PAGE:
Fronteras: Treating Child Abuse Victims For Trauma & Another View Of Fiesta
This week on Fronteras:
- Stress in families often leads to child abuse and neglect.
- Immigrant families often suffer an additional amount of stress (0:00).
- And Fiesta is coming to a close this weekend in San Antonio. Some people believe the 11-day celebration carries racial undertones (13:48).
Trauma-Focused Cognitive Care For Child Abuse Survivors
A 2016 case of child abuse and neglect in San Antonio shed light on something very dark and dirty but not much of a secret.
A 3-year-old girl and a 4-year-old boy were discovered in a backyard by police officers. Their hands and feet were bound so tightly, they could hardly move. Six other children were discovered inside the home without supervision. This is among the more than 174,000 cases of child abuse and neglect investigated by the state each year.
Bexar County has the fourth highest number of confirmed victims of child abuse and neglect in the state, with more than 15,000 cases investigated in 2017 — and 5,500 cases confirmed. That’s an increase of nearly 1000 from 2016.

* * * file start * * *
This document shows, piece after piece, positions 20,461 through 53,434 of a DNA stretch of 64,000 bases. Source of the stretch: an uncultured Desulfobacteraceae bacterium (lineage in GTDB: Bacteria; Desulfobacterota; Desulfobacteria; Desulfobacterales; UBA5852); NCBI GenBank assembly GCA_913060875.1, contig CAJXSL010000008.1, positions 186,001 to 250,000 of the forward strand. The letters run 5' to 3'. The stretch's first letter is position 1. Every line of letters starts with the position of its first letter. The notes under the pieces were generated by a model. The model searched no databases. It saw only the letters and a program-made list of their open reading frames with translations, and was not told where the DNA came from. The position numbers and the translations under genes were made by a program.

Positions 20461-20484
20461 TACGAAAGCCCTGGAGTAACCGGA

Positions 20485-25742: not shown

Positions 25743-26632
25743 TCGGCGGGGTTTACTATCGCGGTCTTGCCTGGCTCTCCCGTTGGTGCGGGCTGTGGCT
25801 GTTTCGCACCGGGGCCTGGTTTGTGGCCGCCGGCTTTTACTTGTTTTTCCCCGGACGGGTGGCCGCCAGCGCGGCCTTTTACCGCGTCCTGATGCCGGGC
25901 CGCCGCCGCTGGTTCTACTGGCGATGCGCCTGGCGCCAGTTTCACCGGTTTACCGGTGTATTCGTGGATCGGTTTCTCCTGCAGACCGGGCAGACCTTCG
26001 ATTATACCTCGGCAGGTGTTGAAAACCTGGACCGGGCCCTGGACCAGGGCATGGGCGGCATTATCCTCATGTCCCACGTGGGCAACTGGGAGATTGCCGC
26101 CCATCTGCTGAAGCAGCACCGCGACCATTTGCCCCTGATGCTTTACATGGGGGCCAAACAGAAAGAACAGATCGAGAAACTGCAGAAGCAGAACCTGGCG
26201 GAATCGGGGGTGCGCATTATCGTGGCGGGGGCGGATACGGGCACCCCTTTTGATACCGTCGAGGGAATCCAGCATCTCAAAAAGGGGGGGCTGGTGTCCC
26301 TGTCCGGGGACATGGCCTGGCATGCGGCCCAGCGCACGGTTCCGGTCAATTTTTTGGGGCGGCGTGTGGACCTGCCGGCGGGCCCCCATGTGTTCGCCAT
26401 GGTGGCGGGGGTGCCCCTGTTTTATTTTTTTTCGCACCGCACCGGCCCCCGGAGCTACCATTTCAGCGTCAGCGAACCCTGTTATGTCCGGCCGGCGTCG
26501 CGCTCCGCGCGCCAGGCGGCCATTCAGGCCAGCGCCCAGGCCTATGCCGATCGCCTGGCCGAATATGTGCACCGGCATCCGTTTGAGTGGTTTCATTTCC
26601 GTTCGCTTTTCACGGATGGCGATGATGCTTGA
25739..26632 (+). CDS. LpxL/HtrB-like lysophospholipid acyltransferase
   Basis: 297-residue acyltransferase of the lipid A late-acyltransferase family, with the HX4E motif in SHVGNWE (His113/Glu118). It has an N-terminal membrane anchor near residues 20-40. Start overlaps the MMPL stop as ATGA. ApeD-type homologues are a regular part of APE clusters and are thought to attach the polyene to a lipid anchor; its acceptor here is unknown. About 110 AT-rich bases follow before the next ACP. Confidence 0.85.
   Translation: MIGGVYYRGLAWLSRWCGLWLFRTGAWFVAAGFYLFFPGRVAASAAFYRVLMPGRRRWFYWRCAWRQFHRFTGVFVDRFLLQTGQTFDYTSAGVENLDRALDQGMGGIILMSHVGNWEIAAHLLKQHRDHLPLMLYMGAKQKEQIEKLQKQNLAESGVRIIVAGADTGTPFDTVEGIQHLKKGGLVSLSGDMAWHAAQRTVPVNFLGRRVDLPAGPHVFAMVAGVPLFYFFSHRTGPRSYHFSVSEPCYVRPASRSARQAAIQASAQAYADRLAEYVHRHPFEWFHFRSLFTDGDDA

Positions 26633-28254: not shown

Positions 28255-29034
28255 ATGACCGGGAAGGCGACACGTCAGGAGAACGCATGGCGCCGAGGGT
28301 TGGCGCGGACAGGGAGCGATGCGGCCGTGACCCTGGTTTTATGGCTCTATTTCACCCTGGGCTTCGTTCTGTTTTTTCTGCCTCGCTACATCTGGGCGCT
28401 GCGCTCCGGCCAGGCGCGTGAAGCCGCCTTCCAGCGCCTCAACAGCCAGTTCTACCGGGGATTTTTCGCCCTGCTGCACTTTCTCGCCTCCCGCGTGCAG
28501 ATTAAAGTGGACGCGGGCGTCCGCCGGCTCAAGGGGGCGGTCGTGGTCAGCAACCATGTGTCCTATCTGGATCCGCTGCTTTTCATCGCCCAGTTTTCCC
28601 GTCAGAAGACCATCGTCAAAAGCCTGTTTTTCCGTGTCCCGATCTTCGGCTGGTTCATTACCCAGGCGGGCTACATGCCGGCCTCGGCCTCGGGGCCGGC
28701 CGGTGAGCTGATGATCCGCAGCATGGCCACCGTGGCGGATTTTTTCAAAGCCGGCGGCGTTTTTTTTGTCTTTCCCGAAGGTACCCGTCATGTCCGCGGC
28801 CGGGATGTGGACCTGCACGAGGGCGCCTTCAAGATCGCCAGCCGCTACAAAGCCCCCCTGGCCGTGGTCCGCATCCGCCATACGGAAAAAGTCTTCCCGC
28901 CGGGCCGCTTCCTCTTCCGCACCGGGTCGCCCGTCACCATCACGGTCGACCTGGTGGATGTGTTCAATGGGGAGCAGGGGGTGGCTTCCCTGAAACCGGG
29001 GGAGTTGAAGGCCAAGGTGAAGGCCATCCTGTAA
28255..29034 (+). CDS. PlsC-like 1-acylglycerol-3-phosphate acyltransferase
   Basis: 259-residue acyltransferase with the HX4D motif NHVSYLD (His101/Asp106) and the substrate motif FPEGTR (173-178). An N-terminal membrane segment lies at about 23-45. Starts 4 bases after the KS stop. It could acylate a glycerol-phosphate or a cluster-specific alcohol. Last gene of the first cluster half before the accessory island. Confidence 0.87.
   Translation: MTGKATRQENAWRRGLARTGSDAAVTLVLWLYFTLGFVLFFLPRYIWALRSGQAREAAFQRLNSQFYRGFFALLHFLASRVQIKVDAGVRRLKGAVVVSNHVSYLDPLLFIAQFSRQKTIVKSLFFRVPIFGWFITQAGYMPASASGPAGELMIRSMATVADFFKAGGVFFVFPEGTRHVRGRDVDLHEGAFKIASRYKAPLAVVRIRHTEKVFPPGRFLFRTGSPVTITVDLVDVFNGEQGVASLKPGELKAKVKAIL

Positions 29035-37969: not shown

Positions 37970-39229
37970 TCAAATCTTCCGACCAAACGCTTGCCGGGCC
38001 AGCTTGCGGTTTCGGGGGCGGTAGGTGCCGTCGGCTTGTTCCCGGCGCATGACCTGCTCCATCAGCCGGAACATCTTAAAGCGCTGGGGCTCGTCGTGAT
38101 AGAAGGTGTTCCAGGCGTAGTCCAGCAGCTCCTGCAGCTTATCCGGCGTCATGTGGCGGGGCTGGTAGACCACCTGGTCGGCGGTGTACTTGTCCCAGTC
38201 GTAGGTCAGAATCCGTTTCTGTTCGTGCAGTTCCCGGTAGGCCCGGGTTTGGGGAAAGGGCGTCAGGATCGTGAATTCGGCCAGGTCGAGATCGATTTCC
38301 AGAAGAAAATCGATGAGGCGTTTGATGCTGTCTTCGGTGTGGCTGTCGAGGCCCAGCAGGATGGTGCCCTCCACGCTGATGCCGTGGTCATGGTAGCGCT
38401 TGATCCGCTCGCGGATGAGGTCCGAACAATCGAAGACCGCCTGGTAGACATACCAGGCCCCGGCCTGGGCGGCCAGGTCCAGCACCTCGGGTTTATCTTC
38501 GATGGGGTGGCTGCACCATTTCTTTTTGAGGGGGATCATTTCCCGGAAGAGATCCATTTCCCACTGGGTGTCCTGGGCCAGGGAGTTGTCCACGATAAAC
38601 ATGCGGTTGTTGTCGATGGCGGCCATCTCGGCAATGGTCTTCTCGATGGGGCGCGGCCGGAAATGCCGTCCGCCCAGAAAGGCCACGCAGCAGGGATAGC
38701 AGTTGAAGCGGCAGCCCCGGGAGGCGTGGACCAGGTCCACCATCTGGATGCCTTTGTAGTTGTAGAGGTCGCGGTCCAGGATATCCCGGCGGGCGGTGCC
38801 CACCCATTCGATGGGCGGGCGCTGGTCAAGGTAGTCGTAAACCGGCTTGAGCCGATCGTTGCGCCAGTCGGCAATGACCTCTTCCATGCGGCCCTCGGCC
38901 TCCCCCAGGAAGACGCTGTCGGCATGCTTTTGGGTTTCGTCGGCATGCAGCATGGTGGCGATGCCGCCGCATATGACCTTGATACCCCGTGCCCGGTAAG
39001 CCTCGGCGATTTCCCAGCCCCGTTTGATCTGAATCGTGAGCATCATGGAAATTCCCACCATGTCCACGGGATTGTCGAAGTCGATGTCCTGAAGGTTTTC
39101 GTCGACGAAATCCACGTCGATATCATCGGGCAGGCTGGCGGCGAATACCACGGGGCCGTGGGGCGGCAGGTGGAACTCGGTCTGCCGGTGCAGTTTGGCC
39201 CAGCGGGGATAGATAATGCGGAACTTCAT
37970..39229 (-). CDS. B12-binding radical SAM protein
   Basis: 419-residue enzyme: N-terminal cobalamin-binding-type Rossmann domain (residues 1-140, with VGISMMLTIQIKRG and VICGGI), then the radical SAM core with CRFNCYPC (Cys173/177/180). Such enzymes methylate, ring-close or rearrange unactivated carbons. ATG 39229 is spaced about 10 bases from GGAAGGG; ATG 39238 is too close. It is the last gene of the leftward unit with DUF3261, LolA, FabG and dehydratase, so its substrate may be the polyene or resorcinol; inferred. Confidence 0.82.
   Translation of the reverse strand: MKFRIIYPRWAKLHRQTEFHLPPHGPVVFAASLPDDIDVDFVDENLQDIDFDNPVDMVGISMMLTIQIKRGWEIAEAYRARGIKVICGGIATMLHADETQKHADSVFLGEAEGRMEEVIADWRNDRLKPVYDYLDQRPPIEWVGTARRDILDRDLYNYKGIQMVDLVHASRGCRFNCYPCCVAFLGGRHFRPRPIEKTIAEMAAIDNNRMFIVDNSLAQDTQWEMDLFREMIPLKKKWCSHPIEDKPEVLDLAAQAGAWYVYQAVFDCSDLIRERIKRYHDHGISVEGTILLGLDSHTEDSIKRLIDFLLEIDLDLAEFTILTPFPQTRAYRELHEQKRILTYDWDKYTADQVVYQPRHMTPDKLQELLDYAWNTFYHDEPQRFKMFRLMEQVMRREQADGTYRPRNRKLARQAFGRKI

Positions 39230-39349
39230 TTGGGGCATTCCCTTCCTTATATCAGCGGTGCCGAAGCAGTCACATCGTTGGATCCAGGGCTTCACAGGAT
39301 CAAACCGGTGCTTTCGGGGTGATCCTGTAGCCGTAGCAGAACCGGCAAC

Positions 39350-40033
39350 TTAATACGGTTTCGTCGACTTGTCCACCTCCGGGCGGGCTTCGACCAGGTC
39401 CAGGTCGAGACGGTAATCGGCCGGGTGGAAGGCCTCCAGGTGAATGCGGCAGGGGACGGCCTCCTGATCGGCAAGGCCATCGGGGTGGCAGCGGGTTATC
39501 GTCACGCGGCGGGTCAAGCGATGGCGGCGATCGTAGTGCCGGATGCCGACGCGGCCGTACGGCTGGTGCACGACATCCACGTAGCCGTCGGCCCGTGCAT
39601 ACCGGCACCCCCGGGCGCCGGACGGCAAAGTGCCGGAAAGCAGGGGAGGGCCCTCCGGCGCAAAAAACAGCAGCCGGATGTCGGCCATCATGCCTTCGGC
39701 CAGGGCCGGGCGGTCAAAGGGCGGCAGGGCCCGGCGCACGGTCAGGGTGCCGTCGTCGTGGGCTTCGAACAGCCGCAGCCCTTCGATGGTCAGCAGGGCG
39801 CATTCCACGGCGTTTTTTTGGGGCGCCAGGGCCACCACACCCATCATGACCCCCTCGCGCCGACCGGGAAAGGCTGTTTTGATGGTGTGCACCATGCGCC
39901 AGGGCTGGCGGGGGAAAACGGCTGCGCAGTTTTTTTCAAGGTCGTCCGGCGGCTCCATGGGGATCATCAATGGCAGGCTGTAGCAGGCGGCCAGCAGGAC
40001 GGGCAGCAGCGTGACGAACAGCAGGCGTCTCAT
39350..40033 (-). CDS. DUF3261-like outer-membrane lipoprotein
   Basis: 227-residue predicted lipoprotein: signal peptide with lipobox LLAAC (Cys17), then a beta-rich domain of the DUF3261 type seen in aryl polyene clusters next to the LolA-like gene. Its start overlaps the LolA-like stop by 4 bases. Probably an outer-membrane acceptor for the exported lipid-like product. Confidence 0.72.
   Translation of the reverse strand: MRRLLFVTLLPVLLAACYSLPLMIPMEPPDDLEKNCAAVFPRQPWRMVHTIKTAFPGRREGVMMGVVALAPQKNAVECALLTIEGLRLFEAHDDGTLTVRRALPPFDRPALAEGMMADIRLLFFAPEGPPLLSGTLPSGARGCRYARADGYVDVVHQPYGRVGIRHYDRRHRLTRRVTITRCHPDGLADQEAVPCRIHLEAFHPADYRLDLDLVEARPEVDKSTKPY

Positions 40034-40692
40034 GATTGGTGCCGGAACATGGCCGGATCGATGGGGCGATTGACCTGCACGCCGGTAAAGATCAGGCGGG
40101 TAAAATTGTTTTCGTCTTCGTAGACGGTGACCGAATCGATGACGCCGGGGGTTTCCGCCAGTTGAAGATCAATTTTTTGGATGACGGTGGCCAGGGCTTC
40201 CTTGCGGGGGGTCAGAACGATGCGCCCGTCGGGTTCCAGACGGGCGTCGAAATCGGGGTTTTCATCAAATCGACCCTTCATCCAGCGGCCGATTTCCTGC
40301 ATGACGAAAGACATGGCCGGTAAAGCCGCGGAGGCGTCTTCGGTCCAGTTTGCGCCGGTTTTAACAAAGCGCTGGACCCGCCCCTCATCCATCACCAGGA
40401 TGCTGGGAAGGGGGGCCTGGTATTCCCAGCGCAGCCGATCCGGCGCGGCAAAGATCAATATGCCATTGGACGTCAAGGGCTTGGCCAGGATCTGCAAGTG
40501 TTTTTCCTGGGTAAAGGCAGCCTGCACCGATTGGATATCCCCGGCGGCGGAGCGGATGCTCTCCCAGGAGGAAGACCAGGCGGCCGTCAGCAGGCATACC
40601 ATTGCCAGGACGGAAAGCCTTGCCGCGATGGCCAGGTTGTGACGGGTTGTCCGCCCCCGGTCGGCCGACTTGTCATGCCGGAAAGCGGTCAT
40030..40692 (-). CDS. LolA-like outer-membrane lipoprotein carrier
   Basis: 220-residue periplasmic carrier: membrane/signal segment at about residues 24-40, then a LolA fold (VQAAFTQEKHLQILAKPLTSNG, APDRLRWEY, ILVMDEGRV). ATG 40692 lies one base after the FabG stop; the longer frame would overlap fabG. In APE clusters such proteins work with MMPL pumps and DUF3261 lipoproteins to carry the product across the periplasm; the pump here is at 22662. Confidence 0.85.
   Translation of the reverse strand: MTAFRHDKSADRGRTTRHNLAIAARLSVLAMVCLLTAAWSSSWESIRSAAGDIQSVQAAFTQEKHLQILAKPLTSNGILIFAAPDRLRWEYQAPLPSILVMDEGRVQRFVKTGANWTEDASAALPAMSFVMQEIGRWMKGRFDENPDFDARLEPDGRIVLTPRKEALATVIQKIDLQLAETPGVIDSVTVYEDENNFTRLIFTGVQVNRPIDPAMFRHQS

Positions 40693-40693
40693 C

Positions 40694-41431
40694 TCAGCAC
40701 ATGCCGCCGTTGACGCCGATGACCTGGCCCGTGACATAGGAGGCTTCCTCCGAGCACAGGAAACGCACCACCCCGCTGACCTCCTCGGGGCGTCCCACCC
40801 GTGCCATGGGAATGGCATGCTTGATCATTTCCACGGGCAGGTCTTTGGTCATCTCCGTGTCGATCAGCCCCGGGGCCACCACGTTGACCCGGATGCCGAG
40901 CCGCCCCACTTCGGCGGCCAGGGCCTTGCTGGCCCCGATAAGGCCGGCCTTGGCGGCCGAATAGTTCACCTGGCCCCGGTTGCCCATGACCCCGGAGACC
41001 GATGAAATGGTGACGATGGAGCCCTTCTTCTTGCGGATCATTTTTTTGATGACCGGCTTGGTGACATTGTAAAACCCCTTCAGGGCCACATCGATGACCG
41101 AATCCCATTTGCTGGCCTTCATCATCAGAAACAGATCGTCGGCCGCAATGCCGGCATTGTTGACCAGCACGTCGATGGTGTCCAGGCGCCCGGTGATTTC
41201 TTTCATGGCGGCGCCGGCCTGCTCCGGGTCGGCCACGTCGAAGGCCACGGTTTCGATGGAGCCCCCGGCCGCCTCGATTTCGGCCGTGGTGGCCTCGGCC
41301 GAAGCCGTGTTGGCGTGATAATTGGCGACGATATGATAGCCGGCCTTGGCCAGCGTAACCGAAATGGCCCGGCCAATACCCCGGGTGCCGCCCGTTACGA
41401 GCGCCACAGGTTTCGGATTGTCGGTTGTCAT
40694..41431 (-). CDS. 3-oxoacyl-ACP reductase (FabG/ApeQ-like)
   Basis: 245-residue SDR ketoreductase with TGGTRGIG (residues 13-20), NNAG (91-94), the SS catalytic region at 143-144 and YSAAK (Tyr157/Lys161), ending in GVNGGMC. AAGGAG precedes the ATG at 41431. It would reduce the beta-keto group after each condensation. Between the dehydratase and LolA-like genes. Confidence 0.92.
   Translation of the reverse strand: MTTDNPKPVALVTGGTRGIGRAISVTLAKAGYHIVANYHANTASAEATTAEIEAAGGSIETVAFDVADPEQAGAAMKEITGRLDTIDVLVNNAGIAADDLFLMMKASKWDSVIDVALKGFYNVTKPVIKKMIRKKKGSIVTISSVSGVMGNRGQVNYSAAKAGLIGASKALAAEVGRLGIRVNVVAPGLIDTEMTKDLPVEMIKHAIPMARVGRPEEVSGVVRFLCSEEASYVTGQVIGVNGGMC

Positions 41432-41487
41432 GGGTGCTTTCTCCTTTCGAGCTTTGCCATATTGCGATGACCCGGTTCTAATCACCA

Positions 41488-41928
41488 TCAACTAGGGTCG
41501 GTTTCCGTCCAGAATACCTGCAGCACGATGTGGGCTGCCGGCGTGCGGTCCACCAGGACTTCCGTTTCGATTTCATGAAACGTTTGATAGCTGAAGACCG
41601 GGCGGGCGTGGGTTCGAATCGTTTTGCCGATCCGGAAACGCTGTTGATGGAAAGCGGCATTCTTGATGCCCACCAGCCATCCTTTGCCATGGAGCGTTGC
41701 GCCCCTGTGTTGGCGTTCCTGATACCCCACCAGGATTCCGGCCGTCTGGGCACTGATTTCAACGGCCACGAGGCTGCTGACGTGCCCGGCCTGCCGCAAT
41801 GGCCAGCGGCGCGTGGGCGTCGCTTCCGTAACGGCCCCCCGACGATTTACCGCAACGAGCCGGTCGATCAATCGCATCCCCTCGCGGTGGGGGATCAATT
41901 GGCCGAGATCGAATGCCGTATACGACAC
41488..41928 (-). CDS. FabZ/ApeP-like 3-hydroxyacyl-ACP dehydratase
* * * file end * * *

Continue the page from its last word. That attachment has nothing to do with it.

Diana Ochoa-Johnson, chief clinical officer with The Children’s Shelter in San Antonio, and Susana Rivera, a licensed professional counselor in Laredo, joins us to discuss the issues. Also, the Children’s Shelter is hosting its inaugural South Texas Trauma-Informed Care Conference May 10 & 11 in San Antonio. Rivera will be one of the presenters.
Fiesta: ‘This Was A Celebration Of The Defeat Of The Mexicans’
Fiesta is an 11-day celebration in San Antonio that honors the heroes of the Alamo and the defeat of the Mexican army at the Battle of San Jacinto. What began as a simple parade around the Alamo in 1891 has expanded to several parades, and more than 110 events that give San Antonians a reason to party.
But the transition from commemorating Texas’ road to independence is a long and complicated one, especially when considering the racial implications behind Fiesta.
Mexican-Americans were essentially excluded from participating in the early days of Fiesta. While, over the years, the annual tradition has morphed into a Mexican-American themed event — with mariachis, a variety of foods, and decorations made with papel picado — San Antonio writer, journalist, and filmmaker John Phillip Santos spoke to Texas Public Radio’s Jack Morgan about Fiesta’s controversial beginnings.